Baby skin is more sensitive and delicate than ours, which can leave it prone to certain issues. Here are five of them, and how to treat them.

Something that is universally accepted is that babies have perfect skin. It’s soft, plump and everything we wish ours was as we start getting older!


But, as resilient as baby skin might be, they also have a very delicate epidermis. This means that they are more prone to rashes and flare-ups than adults. And while any minor blemish can send moms into a panic, most of the skin concerns that affect infants are temporary and treatable.

Here are five common baby skin concerns, and what you can do to treat them.

Cradle cap

This common condition is, in essence, the baby version of dandruff, also known as seborrheic dermatitis. It causes flaky, thick skin on an infant’s scalp. In most cases, it goes away by the time a baby is around six months old.

This condition is harmless and can be left untreated. But there are ways to remove the flakes at home. Gentle brushing can help to lift them, as can thorough washing and using prescription creams.

Diaper rash

Diaper rash is something that most parents deal with at some point in their child’s infancy. It presents as a blotchy, sometimes scaly, rash affecting the areas covered by a diaper. The warm, damp environment is ideal for them to grow.

Keeping the area as clean and dry as possible can help the rash to dry out. Be gentle when wiping the area and use mild soaps that won’t aggravate the skin.


The most common form of eczema is atopic dermatitis. This variant usually starts in childhood, with many people growing out of it by the time they hit adulthood. In babies, it’s common on the cheeks and scalp, as well as the inner elbows and behind the knees.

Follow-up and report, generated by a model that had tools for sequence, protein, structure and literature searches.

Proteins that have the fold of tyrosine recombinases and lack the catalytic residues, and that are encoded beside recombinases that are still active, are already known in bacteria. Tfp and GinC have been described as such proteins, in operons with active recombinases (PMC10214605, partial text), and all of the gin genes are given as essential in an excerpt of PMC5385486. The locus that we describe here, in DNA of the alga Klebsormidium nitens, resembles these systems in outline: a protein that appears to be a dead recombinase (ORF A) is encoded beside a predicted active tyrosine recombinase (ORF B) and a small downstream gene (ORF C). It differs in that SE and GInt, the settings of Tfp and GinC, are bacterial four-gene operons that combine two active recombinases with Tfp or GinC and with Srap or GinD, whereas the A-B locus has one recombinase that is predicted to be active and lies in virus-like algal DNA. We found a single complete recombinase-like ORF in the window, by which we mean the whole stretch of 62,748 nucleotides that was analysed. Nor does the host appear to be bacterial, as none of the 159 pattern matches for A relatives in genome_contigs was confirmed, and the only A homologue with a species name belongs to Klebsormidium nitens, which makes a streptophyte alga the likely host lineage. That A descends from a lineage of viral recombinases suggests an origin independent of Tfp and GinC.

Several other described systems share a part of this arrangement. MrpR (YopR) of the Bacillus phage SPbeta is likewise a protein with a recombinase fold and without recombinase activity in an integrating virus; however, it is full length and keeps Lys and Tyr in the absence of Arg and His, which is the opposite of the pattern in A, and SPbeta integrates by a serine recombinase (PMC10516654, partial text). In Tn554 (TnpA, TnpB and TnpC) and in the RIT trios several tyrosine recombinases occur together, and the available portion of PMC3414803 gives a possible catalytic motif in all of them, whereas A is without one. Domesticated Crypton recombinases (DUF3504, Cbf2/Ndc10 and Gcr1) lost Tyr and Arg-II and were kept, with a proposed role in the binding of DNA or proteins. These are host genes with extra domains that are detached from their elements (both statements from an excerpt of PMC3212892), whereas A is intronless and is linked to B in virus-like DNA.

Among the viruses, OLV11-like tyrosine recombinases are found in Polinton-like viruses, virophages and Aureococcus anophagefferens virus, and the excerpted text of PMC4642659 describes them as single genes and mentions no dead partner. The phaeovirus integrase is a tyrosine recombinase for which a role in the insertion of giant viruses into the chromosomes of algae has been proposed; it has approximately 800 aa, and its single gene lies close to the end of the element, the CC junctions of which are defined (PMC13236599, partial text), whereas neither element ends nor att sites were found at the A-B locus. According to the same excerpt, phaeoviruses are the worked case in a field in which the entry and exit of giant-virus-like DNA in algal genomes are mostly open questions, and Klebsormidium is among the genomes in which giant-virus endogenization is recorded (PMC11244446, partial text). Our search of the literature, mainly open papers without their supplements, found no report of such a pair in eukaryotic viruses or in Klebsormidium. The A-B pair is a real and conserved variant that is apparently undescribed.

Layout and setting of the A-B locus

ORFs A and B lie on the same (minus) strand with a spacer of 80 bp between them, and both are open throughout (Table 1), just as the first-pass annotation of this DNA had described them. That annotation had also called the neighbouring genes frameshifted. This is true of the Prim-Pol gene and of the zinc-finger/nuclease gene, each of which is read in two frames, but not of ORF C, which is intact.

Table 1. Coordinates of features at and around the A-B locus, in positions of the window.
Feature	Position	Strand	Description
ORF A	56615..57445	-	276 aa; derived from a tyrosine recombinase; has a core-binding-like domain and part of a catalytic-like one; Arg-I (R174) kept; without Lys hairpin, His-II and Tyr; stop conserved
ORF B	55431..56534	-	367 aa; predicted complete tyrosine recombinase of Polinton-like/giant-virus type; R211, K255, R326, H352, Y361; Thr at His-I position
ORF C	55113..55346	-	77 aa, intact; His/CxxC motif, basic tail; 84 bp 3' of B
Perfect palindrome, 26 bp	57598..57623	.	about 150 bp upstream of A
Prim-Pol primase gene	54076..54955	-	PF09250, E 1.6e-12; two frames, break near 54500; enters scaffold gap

A warm bath with moisturizer in the water, followed up with a cream containing soothing ingredients, such as colloidal oatmeal, can help to manage the symptoms.

Heat rash

Babies have a higher body temperature than adults. This is probably why heat rash is one of the main baby skin concerns. It is a result of sweat glands becoming blocked, which is easy because they are not yet fully developed in newborns.

Give your baby some relief by removing some layers of clothing and allowing the skin to cool. Gently applying a damp rag to the affected area can also soothe the skin.

baby skin

Baby acne

It isn’t just teenagers who struggle with spots. Babies can get acne, too! Also known as neonatal acne, it affects around 20% of newborns. The cause of it is unknown, but it is most likely hormone-related.

Like many baby skin concerns, this form of acne tends to clear up without intervention. Don’t pick at the blemishes, keep baby’s face clean and avoid harsh or scented products that could worsen the problem.

Looking for expert pediatric dermatologists to see to your baby’s skin? Book an appointment with Dermcare. Because we care about your family’s skin health!